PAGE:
By Ali Ebshara, LL.M. 2021
On September 2, 2021, the U.S. District Court for the Eastern District of Virginia in Thaler v. Hirshfeld ruled in favor of the United States Patent and Trademark Office (USPTO), stating that an artificial intelligence (AI) cannot be listed as an inventor on a patent.1 The plaintiff alleged he had created an AI capable of forming patentable creations and filed for a patent application with the AI listed as an inventor.2 But the USPTO refused the application and stated that patent laws do not expand to include machines within the definition of an inventor.3
In coming to its decision, the court considered the interpretation of the language in the Patent Act.4 Specifically, the court considered the Act’s use of the term “individual” and whether it can expand to non-humans.5 The court relied on the Dictionary Act to find that the term “individual” should be interpreted through its common usage.6 The court also considered the use of personal pronouns like “himself” or “herself,” citing a case where the Supreme Court held that words in statutes should be interpreted by the words adjacent to them.7 In this sense, the pronouns used before the term “individual” help cement the fact that Congress had intended the term “individual” to refer to a person. The court also relied on the Federal Circuit’s decisions holding that being an inventor requires mental capacity to conceive the invention and that only natural persons can be inventors.8
The plaintiff had argued that the Patent Act should incorporate AI, as it would incentivize creation through AI and better protect moral rights. The plaintiff reasoned that human inventors’ moral rights currently stand unprotected due to the necessity of a human inventor to list themselves as the sole inventor, even when they have only had partial contribution alongside an AI.9 The court rejected this argument.10 In reliance on Fisons PLC v. Quigg, the court held that policy considerations cannot change the language of statutes and that such considerations should be left for Congress, not the courts.11 The court also emphasized the USPTO’s efforts in deciding whether an AI can be labeled as an inventor, referencing the USPTO’s research that found AI to be narrow and dependent on human intervention, and that AI able to be independently creative does not currently exist.12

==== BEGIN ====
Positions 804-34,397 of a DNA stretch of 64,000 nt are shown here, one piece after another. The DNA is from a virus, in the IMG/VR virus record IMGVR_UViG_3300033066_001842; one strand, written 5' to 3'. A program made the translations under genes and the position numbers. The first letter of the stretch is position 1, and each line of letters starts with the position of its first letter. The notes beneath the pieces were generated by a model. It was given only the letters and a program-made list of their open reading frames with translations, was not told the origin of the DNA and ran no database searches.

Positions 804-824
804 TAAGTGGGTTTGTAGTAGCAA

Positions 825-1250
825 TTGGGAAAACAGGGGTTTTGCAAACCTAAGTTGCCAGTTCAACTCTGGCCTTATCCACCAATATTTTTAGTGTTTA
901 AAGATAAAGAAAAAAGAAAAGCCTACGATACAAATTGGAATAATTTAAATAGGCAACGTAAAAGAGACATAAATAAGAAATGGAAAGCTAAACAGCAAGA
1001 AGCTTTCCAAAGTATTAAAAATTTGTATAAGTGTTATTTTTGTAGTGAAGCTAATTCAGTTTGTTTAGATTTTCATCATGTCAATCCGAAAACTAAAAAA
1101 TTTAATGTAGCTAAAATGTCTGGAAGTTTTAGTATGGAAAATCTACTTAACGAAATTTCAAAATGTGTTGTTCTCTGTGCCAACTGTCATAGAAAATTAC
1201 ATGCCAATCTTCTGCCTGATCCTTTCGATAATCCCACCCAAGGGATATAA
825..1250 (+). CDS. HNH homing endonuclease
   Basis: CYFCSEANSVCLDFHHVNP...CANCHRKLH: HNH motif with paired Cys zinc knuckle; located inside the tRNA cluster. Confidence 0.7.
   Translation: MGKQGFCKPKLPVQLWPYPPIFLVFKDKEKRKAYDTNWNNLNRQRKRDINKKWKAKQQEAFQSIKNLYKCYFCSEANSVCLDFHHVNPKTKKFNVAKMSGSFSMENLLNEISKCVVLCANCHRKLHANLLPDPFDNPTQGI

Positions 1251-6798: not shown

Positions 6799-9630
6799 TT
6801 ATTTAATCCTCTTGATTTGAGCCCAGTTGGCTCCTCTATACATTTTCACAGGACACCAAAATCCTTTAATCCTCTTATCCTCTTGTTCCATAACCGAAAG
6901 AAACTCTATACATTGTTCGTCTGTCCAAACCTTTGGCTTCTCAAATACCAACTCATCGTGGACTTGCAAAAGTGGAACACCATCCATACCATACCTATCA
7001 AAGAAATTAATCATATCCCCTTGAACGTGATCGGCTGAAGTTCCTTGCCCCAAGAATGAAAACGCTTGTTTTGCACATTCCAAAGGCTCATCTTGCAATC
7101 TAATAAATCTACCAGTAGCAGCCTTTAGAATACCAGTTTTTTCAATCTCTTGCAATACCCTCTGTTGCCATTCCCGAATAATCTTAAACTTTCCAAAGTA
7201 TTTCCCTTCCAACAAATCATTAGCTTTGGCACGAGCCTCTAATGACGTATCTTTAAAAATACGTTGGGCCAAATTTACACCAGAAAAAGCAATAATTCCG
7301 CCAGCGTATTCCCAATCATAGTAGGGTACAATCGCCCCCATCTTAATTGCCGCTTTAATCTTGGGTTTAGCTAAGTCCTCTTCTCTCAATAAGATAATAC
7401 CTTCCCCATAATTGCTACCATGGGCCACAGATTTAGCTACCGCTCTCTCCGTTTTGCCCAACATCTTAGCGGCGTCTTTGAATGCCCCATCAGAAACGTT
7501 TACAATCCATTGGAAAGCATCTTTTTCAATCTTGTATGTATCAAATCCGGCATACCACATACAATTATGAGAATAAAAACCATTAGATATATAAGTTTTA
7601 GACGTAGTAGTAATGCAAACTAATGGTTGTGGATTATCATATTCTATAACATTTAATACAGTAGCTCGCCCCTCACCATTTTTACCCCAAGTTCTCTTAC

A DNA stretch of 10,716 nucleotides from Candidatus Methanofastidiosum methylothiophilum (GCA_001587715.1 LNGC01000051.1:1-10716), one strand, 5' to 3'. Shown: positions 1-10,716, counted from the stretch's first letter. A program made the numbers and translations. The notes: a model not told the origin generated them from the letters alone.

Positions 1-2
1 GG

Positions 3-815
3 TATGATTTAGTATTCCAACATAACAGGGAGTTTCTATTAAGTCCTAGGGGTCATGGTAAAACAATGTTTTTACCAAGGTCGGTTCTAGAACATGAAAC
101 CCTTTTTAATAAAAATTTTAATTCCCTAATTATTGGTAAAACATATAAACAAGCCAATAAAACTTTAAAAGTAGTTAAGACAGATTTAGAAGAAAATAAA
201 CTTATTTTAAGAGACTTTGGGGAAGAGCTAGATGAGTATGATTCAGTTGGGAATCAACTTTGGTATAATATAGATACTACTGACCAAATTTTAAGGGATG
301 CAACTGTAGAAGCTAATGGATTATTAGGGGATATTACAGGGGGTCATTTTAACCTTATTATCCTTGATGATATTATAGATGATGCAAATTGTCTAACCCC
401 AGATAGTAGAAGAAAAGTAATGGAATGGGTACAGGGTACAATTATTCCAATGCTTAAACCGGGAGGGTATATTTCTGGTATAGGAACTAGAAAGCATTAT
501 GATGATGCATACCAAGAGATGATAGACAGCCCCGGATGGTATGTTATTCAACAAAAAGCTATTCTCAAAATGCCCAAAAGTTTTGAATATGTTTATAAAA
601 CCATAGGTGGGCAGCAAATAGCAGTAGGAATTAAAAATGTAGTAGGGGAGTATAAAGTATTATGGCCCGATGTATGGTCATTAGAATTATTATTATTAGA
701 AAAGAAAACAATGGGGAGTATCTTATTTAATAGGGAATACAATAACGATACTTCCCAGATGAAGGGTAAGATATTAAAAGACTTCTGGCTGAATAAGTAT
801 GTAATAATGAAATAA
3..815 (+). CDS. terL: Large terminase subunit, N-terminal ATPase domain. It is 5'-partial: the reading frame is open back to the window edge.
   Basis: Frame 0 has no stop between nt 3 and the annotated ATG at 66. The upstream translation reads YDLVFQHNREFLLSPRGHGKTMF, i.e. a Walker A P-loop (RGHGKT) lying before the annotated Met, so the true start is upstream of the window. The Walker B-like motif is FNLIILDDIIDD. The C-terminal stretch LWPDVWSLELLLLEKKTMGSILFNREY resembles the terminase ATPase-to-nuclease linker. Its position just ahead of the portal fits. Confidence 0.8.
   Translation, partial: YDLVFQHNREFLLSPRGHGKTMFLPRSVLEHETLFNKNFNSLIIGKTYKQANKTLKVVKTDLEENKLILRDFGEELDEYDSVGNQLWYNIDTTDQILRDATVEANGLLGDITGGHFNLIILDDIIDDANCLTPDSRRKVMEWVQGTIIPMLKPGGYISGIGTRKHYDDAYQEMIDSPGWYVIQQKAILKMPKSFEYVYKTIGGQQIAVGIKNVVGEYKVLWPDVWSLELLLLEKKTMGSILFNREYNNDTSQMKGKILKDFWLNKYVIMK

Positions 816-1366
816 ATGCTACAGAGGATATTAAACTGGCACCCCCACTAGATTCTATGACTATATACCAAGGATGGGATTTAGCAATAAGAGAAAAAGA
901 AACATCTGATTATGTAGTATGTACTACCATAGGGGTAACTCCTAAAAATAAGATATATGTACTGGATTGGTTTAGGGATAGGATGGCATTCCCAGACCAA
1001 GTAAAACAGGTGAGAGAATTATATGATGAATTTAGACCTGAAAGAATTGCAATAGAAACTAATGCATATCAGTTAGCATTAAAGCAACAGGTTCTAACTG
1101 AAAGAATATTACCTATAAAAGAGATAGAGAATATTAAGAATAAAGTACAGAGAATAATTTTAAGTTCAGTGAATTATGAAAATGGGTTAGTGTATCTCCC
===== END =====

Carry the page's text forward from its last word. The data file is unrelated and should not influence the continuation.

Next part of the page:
In an almost directly contradicting decision, the Federal Court of Australia found that an AI can be listed as an inventor.13 The Australian court found that the ordinary usage of the term “inventor” is an agent noun that is not limited to a person but extends to anything that invents.14 Further, the court agreed with the plaintiff’s argument on the fact that listing AI as inventors would allow for better disclosure practices in patents and create greater financial incentives to create AI.15
Although the U.S. district court decision might seem like a negative outlook on the future of AI regulation within the patent space, it can be interpreted positively—the court simply indicated that AI cannot be listed as inventors yet. The court had acknowledged in its decision that a future where AI can be listed as inventors is likely, but we are simply not there yet.16 The Australian decision indicates that there is a movement towards acknowledging AI rights, and it is likely that the United States will follow suit within the near future.